An economic moat refers to a company’s ability to withstand competition for its products and services, just as moats used to protect castles from attack. The “wider” the moat, the bigger the company’s competitive advantage.
One of the cornerstones of Warren Buffett’s investment philosophy has been to buy the shares of companies with exceptionally wide economic moats – although Buffett is often described as a value investor, both he and his business partner Charlie Munger have often said that it is better to buy a great company at a fair price than a fair company at a great price.
Moats come in various guises, but they all make it difficult for competitors to take away a company’s customers. For example, a company may be the lowest-cost producer of a product, or it may have a patent on a technology or manufacturing process. Strong brands are also seen as a form of moat because customers have a high degree of conscious or unconscious loyalty to them (Coa-Cola and Pepsi essentially sell flavoured fizzy water, but remain dominant and highly profitable in their sector).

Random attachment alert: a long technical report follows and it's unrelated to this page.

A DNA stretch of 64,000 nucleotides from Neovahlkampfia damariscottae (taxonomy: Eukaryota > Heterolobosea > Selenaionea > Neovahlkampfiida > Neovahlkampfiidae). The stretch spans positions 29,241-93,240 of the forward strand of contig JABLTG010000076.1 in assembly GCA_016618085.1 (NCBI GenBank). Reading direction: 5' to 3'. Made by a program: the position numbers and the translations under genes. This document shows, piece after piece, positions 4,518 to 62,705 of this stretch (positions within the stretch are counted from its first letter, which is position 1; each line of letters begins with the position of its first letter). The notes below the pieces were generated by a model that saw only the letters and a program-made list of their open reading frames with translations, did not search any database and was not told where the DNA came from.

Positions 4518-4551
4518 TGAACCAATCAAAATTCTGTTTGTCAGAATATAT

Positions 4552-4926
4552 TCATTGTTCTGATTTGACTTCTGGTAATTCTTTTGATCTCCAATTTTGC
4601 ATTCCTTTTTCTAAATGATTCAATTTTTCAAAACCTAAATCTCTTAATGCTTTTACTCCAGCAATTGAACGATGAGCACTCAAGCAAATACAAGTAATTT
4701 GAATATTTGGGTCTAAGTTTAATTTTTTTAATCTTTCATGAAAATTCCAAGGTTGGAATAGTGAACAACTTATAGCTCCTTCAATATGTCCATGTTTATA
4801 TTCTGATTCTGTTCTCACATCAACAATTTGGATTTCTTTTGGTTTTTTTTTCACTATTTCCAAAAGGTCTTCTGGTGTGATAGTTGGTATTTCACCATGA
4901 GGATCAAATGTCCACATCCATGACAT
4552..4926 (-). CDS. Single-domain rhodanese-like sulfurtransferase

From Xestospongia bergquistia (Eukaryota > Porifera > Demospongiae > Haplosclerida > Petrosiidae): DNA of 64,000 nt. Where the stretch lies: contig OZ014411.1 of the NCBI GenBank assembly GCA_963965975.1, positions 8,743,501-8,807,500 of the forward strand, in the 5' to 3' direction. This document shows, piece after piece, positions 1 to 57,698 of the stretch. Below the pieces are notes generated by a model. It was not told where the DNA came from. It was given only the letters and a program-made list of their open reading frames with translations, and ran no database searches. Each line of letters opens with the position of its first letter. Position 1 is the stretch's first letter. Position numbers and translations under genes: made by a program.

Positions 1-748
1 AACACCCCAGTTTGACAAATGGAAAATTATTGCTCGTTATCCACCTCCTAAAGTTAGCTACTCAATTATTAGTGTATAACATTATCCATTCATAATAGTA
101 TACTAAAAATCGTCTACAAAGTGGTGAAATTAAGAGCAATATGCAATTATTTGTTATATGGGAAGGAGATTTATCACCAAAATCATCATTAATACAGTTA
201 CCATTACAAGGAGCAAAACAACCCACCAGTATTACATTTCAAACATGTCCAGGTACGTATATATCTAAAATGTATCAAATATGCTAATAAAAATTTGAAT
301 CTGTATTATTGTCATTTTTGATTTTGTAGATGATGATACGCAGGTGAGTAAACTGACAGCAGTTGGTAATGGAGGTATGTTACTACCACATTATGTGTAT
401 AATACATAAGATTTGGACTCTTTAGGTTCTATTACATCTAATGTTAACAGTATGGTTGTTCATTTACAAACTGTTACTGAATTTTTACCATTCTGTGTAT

One way to spot a company with a wide moat is to look at its financial track record. If you can see stable and growing profits, high profit margins and a high return on capital employed (ROCE), then you may have identified a company with a moat. Of course, you then have to work out whether this moat can continue to withstand attacks.
The shares of companies with moats tend to be quite expensive and they can still be bad investments if you pay too much for them. However, sometimes you can pick them up for a decent price during times of stockmarket panics or crashes.